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Is The South More Doctor Friendly for Pain?

Is the South More Friendly for Doctors to Practice Pain Medicine?

  • Yes

    Votes: 14 82.4%
  • No

    Votes: 3 17.6%

  • Total voters
    17
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lobelsteve

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May 30, 2005
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Canton GA
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  1. Attending Physician
People aren't as nice down here as advertised. They drive their golf carts on pedestrians walkways and their kids won't stay off my lawn. I tried turning the sprinklers on to scare them off but they just came back in swimsuits which is 10x worse.

Peachtree City is known as a rough place. Too many lifted golf carts, not enough with the LED undercarriage light kits. Up in Roswell, so same thing.
 
Upvote 0

RM38

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Mar 23, 2011
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Southeast
  1. Attending Physician
It is hard to say because I have only practiced in the southeast in a few different states. Some markets that we have offices in have less competition and we are very busy there, but they aren't necessarily the best places to live. Offices in bigger towns (>200K ish population) have a more educated population that is probably similar to what people see up north, but there is more completion to get patients. I think overall patients are respectful and usually follow plans set forth by the physician. Some areas of the south are super poor and if you go there it will be pretty much 100% medicaid and medicare. Lower overhead though due to COL. Carolinas has been better than FL in terms of getting on insurance plans and fewer denials.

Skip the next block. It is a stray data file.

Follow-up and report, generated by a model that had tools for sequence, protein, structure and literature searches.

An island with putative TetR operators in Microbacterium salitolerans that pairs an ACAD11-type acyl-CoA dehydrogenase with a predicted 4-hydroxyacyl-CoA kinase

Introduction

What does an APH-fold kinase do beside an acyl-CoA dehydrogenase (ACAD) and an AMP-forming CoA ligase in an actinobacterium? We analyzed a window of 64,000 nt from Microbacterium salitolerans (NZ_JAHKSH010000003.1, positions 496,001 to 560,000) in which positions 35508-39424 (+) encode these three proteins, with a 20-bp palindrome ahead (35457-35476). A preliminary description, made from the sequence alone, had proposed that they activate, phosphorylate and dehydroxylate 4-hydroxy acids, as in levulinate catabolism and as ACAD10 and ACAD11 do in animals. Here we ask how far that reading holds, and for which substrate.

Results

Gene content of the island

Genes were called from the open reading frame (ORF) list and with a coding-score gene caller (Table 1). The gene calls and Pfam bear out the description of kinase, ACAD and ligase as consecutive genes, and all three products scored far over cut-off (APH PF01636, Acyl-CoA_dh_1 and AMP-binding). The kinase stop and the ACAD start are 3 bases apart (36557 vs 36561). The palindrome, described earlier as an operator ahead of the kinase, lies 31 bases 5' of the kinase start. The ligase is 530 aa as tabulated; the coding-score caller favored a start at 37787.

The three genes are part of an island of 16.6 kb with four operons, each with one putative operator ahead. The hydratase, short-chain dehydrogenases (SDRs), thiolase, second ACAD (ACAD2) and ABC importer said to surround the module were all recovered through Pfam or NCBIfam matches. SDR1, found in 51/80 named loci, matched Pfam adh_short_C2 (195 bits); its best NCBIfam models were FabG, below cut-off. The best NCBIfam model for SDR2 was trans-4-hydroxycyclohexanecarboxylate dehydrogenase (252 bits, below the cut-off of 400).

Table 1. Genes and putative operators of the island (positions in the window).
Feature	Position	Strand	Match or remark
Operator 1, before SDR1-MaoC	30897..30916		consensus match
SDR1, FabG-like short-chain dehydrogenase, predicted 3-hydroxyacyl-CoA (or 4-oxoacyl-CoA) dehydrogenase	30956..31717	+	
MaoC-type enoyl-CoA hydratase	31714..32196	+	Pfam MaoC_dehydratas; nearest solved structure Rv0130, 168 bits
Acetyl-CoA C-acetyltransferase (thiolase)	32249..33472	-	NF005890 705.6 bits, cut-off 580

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ragnathor

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Jan 10, 2007
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  1. Attending Physician
Well it’s not like Texas, where the Texas medical board is very draconian in its pursuits to chastise physicians.

More than other states? Most TMB bulletins for violating standard of care for pain prescribing as some CME/small fine - not exactly draconian. Unlike Texas, other states have specific legislation on opioids.
 
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gaseous_clay

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May 5, 2005
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More than other states? Most TMB bulletins for violating standard of care for pain prescribing as some CME/small fine - not exactly draconian. Unlike Texas, other states have specific legislation on opioids.
When I was practicing there, they would investigate any physician whose patient made a bogus complaint to TMB regarding getting discharged or weaned, regardless of how ridiculous their narrative was. The benefit of the doubt was always given to the patient and the physician would have to provide extensive documentation to defend their clinical decision making in order clear their name. The physician was guilty until proven innocent. I’ve practiced in 3 other states, all of which have committees that vet the merit of each complaint prior to contacting the physician. It’s a joke down there, although I did like the tort reform statutes.
 
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